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Index > Macroinstructions > [translation help needed] How to convert substr and catstr?

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flat_user



Joined: 01 Jun 2010
Posts: 13
flat_user
Code:
macro   cipher  m
        local   char,low,high,hex8,hex16l,hex16h
        char    substr  <m>,1,1
        low     catstr  char,<l>
        high    catstr  char,<h>
        irp     rch,<al,ah,bl,bh,cl,ch,dl,dh>
         ifidni <m>,<rch>
          sub   m,'0'
          cmp   m,10
          jb    hex8
          sub   m,7
        hex8:
          and   m,0Fh
          exitm
         endif
        endm
        irp     rch,<ax,bx,cx,dx>
         ifidni <m>,<rch>
          sub   m,'00'
          cmp   low,10
          jb    hex16l
          sub   low,7
        hex16l:
          cmp   high,10
          jb    hex16h
          sub   high,7
        hex16h:
          and   m,0F0Fh
          exitm
         endif
        endm
endm    cipher    


I want to port it to FASM, but I'm kind of clueless, FASM's seems to be more complex than TASM Very Happy
Thanks in advance!
Post 17 Jun 2010, 09:28
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baldr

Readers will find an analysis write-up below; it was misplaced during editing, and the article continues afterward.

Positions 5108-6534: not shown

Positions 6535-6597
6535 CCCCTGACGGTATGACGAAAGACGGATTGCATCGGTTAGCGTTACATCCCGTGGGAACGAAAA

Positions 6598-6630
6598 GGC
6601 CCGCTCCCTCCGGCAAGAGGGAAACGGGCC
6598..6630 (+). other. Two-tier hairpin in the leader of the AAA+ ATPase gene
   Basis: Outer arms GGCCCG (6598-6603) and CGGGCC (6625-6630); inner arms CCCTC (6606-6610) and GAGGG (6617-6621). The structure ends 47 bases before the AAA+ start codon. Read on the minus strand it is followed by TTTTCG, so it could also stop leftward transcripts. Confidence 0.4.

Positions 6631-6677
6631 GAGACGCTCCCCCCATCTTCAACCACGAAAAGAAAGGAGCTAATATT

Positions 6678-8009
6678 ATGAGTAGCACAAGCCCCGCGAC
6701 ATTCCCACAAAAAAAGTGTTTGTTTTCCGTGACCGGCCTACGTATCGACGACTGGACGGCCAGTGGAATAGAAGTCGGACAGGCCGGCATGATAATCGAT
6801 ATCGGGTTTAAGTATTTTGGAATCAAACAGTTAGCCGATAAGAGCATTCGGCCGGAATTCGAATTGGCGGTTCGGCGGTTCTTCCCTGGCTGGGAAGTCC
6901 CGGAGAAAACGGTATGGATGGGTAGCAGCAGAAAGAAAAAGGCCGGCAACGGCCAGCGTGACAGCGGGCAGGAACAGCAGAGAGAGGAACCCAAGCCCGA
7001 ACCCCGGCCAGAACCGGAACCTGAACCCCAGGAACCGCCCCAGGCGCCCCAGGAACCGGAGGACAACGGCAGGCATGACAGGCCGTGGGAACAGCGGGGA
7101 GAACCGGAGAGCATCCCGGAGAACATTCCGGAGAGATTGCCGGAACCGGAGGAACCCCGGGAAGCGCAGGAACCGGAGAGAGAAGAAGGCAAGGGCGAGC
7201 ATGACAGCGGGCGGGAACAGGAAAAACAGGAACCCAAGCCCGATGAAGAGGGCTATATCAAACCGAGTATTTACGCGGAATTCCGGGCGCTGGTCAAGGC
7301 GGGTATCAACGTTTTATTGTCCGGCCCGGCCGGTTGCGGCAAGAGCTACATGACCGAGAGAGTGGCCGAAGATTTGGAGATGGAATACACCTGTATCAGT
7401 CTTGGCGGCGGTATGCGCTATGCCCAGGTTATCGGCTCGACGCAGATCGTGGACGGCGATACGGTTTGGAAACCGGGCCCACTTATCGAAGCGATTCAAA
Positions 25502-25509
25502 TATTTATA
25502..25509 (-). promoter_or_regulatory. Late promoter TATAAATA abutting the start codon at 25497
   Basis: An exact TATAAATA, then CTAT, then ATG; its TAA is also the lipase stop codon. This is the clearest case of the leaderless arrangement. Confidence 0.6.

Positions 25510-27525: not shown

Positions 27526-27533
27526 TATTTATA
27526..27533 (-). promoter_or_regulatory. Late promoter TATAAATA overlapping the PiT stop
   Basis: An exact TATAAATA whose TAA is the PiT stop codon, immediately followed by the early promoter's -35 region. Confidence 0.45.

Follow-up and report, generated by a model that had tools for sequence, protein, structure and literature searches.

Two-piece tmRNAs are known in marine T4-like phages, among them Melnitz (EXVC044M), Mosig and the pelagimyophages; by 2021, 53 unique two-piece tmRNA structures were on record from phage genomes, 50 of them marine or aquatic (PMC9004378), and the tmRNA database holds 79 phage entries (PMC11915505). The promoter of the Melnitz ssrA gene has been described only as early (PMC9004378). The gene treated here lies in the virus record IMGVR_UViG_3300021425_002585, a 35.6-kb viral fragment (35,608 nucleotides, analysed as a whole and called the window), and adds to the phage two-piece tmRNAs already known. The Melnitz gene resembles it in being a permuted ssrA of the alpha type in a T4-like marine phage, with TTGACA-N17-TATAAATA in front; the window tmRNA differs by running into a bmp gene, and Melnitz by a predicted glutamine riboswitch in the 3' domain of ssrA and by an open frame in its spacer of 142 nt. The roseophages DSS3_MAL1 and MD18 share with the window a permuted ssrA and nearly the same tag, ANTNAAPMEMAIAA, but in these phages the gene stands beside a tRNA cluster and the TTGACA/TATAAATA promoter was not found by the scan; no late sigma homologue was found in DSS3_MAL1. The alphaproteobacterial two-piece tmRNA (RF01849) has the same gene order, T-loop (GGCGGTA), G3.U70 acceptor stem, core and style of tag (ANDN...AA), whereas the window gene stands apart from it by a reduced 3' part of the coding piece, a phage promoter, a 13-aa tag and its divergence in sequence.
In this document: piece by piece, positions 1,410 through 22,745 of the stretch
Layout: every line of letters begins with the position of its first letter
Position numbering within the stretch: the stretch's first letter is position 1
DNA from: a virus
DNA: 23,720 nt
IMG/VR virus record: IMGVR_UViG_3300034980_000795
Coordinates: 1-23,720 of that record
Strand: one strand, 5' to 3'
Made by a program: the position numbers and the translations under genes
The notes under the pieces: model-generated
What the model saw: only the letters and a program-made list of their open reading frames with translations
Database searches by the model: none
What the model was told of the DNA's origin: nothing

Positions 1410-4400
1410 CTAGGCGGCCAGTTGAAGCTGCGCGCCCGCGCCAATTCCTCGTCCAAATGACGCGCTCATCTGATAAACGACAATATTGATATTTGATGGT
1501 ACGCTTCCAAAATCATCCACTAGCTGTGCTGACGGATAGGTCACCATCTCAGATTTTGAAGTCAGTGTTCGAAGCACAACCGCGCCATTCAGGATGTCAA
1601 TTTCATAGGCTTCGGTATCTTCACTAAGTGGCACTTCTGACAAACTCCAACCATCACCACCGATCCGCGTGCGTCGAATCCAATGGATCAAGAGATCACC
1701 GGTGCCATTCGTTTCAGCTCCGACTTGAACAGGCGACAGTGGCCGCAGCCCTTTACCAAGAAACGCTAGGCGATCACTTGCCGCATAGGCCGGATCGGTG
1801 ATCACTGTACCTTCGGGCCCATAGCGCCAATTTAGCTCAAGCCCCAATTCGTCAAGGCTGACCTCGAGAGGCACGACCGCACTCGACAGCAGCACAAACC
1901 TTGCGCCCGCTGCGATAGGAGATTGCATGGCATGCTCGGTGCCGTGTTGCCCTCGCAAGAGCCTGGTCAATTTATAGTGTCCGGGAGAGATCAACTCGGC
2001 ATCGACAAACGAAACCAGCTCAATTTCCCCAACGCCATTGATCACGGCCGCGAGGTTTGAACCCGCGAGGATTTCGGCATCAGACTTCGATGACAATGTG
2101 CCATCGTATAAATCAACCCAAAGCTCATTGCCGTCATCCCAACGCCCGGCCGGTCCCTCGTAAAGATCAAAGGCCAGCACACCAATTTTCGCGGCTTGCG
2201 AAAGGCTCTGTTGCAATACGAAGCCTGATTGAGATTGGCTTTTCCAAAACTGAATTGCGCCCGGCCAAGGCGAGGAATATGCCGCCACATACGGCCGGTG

Joined: 19 Mar 2008
Posts: 1651
baldr
flat_user,

Preprocessor can't split symbols (AFAIK), but it can join them:
Code:
macro cipher m {
  irps reg, a b c d \{
    irps half, l h \\{
      match =m, reg\\#half \\\{
      \\\local ..
          sub m, '0'
          cmp m, 10
          jb  ..
          sub m, 7
        ..:
          and m, 0Fh
      \\\}
    \\}
    match =m, reg\#x \\{
      sub m, '00'
      irps half, l h \\\{
      \\\local ..
          cmp reg\\\#half, 10
          jb  ..
          sub reg\\\#half, 7
        ..:
      \\\}
      and m, 0F0Fh
    \\}
  \}
}    
Proper backslashing is crucial.
Post 18 Jun 2010, 19:28
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flat_user



Joined: 01 Jun 2010
Posts: 13
flat_user
"Proper backslashing is crucial."
What do you mean by that?

Why does it have to be like reg\#x, reg\\\#half, etc.?

So it iterates through all registers and when m is equal to ax, it meanwhile has saved the letter 'a' to then append l and h.

Thanks, I'm gonna test it, just have to read anew about the match-directive, escaping/concatenating and irp..
Post 19 Jun 2010, 02:59
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baldr



Joined: 19 Mar 2008
Posts: 1651
baldr
flat_user,

Number of backslashes before concatenation macro-operator (#) tells at which nesting level it will act. One more, and match directive will try to match macro argument (m) with something like a#x, failing to do that. One less, and you will get literally symbol half (not h or l substituted for it) concatenated with register letter (a, b, c or d), yielding invalid register name like ahalf.
Post 19 Jun 2010, 03:28
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